Teaching the History of the Book
Studies in Print Culture and the History of the Book
Published by: University of Massachusetts Press
376 Pages, 6.00 x 9.00 x 1.10 in, 4 illus.
- Published: May 2023
- Published: May 2023
With original contributions from a diverse range of teachers, scholars, and practitioners in literary studies, history, book arts, library science, language studies, and archives, Teaching the History of the Book is the first collection of its kind dedicated to book history pedagogy. Presenting a variety of methods for teaching book history both as its own subject and as an approach to other material, each chapter describes lessons, courses, and programs centered on the latest and best ways of teaching undergraduate and graduate students.
Expansive and instructive, this volume introduces ways of helping students consider how texts were produced, circulated, and received, with chapters that cover effective ways to organize courses devoted to book history, classroom activities that draw on this subject in other courses, and an overview of selected print and digital tools. Contributors, many of whom are leading figures in the field, utilize their own classroom experiences to bring to life some of the rich possibilities for teaching book history in the twenty-first century.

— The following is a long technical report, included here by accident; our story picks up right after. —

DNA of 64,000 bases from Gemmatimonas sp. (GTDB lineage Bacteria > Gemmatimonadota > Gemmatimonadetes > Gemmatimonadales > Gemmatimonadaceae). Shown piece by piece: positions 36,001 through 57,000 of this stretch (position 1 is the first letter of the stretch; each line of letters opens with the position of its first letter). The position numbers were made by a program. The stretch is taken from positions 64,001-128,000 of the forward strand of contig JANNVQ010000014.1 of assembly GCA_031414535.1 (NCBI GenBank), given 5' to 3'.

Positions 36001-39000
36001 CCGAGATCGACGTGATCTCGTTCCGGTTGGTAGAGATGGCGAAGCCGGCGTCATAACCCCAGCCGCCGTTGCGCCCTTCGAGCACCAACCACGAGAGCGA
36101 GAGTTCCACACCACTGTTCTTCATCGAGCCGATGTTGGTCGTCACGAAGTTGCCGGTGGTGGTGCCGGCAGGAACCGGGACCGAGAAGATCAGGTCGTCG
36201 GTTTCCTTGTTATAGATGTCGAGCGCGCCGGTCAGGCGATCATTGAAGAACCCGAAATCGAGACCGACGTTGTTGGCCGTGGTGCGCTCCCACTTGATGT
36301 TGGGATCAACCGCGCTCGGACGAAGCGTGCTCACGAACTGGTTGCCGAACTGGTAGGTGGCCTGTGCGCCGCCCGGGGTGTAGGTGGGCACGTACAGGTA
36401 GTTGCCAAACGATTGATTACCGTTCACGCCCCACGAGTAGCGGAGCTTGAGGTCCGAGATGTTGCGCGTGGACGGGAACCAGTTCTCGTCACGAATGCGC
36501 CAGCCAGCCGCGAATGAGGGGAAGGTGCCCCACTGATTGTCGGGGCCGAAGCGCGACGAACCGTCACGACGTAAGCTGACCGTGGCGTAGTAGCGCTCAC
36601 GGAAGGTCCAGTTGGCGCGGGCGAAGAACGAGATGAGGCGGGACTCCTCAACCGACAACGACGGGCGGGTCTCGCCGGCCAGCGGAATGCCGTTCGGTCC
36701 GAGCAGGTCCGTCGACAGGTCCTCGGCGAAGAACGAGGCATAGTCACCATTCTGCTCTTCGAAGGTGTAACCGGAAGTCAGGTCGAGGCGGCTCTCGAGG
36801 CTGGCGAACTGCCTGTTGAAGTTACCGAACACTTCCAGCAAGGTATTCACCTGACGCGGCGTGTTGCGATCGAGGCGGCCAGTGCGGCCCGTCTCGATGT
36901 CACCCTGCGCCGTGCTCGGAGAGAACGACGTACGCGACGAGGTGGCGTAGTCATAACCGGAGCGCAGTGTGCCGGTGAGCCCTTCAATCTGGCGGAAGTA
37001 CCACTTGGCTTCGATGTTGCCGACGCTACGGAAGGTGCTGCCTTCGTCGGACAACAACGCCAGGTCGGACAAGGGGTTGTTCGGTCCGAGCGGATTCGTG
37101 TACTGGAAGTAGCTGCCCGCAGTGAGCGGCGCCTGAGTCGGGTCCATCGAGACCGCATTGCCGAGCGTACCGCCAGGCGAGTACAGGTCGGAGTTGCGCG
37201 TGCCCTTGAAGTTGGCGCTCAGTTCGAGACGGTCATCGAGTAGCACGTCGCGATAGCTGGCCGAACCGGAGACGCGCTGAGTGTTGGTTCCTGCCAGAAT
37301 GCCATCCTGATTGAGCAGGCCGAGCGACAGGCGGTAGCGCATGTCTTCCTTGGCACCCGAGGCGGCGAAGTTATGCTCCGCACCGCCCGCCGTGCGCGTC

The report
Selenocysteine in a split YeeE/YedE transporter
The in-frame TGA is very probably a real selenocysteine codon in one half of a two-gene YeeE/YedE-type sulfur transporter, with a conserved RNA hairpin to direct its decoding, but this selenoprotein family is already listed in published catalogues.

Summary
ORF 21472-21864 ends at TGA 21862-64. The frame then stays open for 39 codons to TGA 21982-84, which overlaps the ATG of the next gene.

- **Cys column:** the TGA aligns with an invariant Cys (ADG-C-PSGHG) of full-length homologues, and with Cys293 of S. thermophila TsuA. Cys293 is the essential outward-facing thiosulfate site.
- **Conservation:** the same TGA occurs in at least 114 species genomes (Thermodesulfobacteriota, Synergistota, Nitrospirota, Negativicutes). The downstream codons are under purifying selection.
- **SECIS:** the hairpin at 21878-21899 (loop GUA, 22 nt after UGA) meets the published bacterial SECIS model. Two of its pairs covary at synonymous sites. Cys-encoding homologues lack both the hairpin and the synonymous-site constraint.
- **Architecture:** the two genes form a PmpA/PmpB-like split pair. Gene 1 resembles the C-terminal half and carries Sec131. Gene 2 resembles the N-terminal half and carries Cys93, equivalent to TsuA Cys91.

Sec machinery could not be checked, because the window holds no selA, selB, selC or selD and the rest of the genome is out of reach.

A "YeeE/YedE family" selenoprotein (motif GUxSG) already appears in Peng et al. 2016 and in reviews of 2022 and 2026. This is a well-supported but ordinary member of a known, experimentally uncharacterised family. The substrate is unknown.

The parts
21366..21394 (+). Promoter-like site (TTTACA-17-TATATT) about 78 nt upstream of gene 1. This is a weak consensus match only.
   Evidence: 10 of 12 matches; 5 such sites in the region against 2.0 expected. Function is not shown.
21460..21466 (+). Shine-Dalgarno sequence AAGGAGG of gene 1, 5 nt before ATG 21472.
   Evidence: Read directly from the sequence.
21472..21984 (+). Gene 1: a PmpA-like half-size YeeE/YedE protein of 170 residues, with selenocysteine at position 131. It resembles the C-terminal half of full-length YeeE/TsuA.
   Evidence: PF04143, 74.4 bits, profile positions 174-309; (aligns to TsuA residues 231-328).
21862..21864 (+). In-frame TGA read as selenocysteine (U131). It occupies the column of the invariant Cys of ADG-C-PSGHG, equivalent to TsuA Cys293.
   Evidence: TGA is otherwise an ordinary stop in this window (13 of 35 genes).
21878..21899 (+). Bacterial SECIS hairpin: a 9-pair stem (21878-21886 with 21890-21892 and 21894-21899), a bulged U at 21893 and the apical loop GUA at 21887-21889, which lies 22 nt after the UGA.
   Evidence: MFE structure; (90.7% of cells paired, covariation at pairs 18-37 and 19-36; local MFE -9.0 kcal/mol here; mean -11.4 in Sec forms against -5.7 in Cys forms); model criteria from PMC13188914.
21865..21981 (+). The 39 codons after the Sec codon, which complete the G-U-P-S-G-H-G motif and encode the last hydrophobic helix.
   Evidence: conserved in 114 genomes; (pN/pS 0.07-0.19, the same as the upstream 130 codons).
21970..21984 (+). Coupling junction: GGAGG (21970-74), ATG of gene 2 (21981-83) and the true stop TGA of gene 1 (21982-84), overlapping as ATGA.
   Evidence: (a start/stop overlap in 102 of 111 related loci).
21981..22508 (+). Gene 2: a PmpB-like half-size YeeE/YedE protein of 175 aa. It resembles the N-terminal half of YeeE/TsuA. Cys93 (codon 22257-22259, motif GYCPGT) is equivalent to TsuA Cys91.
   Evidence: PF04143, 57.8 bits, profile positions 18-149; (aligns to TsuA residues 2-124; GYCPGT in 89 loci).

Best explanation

In addition to the volume editors, contributors include Ryan Cordell, Brigitte Fielder, Barbara Hochman, Leslie Howsam, Matthew Kirschenbaum, Clare Mullaney, Kate Ozment, Leah Price, Jonathan Rose, Jonathan Senchyne, Sarah Wadsworth, and others.
“This well-conceived collection is the first to investigate book history pedagogy itself, and it does so in a generous and inclusive way. It manages to be a comprehensive resource for current pedagogy in book history while also providing ideas and inspiration for future instructors. The editors have done an excellent job in bringing together a wide range of voices and perspectives.”—Shafquat Towheed, coeditor of Reading and the First World War: Readers, Texts, Archives
“This collection, the first of its kind on the teaching of book history, offers a nicely diverse list of contributors, including major scholars who have been involved in this field for a long time.”—Christine Pawley, author of Organizing Women: Home, Work, and the Institutional Infrastructure of Print in Twentieth-Century America